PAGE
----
Swept Away by an Unusual Destiny in the Blue Sea of August
All Screwed Up
There is a sequence in Lina Wertmüller’s Love and Anarchy which represents very well both the charm and the weakness of her films. A simple Italian country lad comes up to Rome to shoot Mussolini, oversleeps his cue for the assassination, and slaughters several carabinieri in a fury of regret. He tries to escape, but is caught, tortured, and killed. But he overslept because the girl who loves him, the heroine of the romance in a brothel which has taken up most of the movie, wouldn’t wake him; because she didn’t want him to sacrifice himself, because nothing, in her view, is worth dying for. She is warned that he will hate her for saving his life, and he does. Yet her girlfriend and colleague in the brothel, a devoted anarchist eager to wake the would-be killer, discovers that she too is really a woman at heart, and agrees to let him sleep.
The cliché lurking here is fairly staggering—women unscrupulously on the side of life, while men entertain noble, if silly, ideas and ideals, Sancho (or Sancha) in one corner and Quixote in the other—but Wertmüller appears to have it under control, and invites us to see the damage it can do, however we feel about it. The suggestion is less that the girl was wrong not to wake the hero than that whatever she did or didn’t do, there would be a mess. Beyond this, of course, the littered corpses of the carabinieri hint that things might not have been much better if the hero had actually managed to shoot Mussolini.
All this is strong, sardonic, and very funny. Yet Wertmüller simply throws it away by turning the hero into a martyr hounded to death by the Fascist authorities. The film ends with a quotation from Malatesta explaining that political assassinations don’t help, indeed usually serve the cause they were meant to harm, but that with the passage of time the acts of such assassins acquire a certain purity. What Wertmüller has done is to fake the passage of time. All humor and complication are gone, and we are to leave the cinema on this soft and sentimental note, firmly reassured about who the good guys really are.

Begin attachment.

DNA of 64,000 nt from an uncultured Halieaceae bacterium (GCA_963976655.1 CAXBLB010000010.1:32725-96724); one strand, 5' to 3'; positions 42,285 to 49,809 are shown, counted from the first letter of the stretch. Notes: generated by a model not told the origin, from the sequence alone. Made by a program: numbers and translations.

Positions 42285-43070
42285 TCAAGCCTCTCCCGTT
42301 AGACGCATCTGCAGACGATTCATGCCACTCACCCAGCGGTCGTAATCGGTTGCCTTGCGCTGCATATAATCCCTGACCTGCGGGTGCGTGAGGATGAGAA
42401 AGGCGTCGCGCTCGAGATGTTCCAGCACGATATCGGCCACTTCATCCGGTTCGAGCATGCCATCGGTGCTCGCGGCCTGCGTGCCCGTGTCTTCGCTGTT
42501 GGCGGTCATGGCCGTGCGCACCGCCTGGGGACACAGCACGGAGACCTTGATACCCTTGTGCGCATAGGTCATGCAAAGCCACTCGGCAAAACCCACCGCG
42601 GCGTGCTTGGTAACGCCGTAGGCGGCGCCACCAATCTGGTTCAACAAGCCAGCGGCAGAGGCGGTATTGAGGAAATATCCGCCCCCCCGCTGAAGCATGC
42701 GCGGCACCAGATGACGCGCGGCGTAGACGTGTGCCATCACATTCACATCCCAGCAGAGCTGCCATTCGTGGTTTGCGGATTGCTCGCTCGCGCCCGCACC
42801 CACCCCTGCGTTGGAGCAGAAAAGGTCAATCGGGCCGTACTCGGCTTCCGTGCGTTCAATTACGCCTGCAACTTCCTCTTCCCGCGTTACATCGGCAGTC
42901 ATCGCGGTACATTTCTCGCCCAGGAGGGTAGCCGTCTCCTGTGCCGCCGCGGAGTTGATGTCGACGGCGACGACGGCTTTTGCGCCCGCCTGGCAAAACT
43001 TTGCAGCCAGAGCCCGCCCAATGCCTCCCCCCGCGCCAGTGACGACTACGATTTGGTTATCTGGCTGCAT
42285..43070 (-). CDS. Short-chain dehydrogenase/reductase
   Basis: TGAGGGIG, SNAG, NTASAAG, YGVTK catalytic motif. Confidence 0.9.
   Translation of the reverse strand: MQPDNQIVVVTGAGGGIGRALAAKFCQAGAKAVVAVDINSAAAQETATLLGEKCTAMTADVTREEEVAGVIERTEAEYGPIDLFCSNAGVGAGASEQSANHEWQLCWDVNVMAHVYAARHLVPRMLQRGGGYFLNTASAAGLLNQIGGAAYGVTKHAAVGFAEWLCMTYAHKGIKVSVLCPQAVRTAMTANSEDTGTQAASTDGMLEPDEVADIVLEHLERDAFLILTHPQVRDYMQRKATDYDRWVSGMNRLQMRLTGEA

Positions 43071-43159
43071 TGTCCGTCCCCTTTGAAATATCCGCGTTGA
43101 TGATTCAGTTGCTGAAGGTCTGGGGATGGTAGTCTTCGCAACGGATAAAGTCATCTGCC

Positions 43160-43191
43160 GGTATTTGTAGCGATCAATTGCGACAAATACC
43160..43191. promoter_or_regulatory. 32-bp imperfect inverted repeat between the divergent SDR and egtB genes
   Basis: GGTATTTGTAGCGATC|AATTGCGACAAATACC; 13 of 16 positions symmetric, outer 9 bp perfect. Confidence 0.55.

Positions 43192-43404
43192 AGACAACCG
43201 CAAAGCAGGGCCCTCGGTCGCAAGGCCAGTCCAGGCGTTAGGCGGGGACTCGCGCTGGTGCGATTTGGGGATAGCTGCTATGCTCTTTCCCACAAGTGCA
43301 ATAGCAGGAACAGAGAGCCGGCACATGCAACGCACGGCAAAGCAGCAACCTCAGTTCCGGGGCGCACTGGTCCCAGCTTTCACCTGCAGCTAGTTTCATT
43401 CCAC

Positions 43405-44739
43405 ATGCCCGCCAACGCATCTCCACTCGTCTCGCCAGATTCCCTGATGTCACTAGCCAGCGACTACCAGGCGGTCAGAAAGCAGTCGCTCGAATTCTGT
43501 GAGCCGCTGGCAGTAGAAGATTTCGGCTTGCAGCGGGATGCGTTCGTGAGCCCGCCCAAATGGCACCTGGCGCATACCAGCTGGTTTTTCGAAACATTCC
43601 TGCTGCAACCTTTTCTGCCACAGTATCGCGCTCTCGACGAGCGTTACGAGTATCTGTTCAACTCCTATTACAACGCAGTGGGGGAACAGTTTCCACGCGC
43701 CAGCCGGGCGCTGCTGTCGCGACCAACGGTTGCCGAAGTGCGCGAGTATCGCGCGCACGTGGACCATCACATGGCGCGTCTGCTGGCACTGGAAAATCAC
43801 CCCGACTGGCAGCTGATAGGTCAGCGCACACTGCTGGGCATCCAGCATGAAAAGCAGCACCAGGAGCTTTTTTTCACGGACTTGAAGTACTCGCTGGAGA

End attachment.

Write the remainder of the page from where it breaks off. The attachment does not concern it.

In one form or another, this slither from tart comedy to easy piety and pathos occurs in all five of the Wertmüller films I have seen: Love and Anarchy, The Seduction of Mimi, All Screwed Up, Swept Away…, and Seven Beauties. In All Screwed Up, for example, the question of overpopulation is introduced by the crisp hyperbole of a woman who has twins the first time she gives birth, and quintuplets the next. The father, trying to feed his seven sudden kids, takes a night job on top of his daytime work, and the quality of his life is beautifully rendered in a brief scene. His night job is painting white lines down the middle of roads, and he is too tired to …
This article is available to online subscribers only.
Please choose from one of the options below to access this article:
Purchase a print premium subscription (20 issues per year) and also receive online access to all all content on nybooks.com.
Purchase an Online Edition subscription and receive full access to all articles published by the Review since 1963.
Purchase a trial Online Edition subscription and receive unlimited access for one week to all the content on nybooks.com.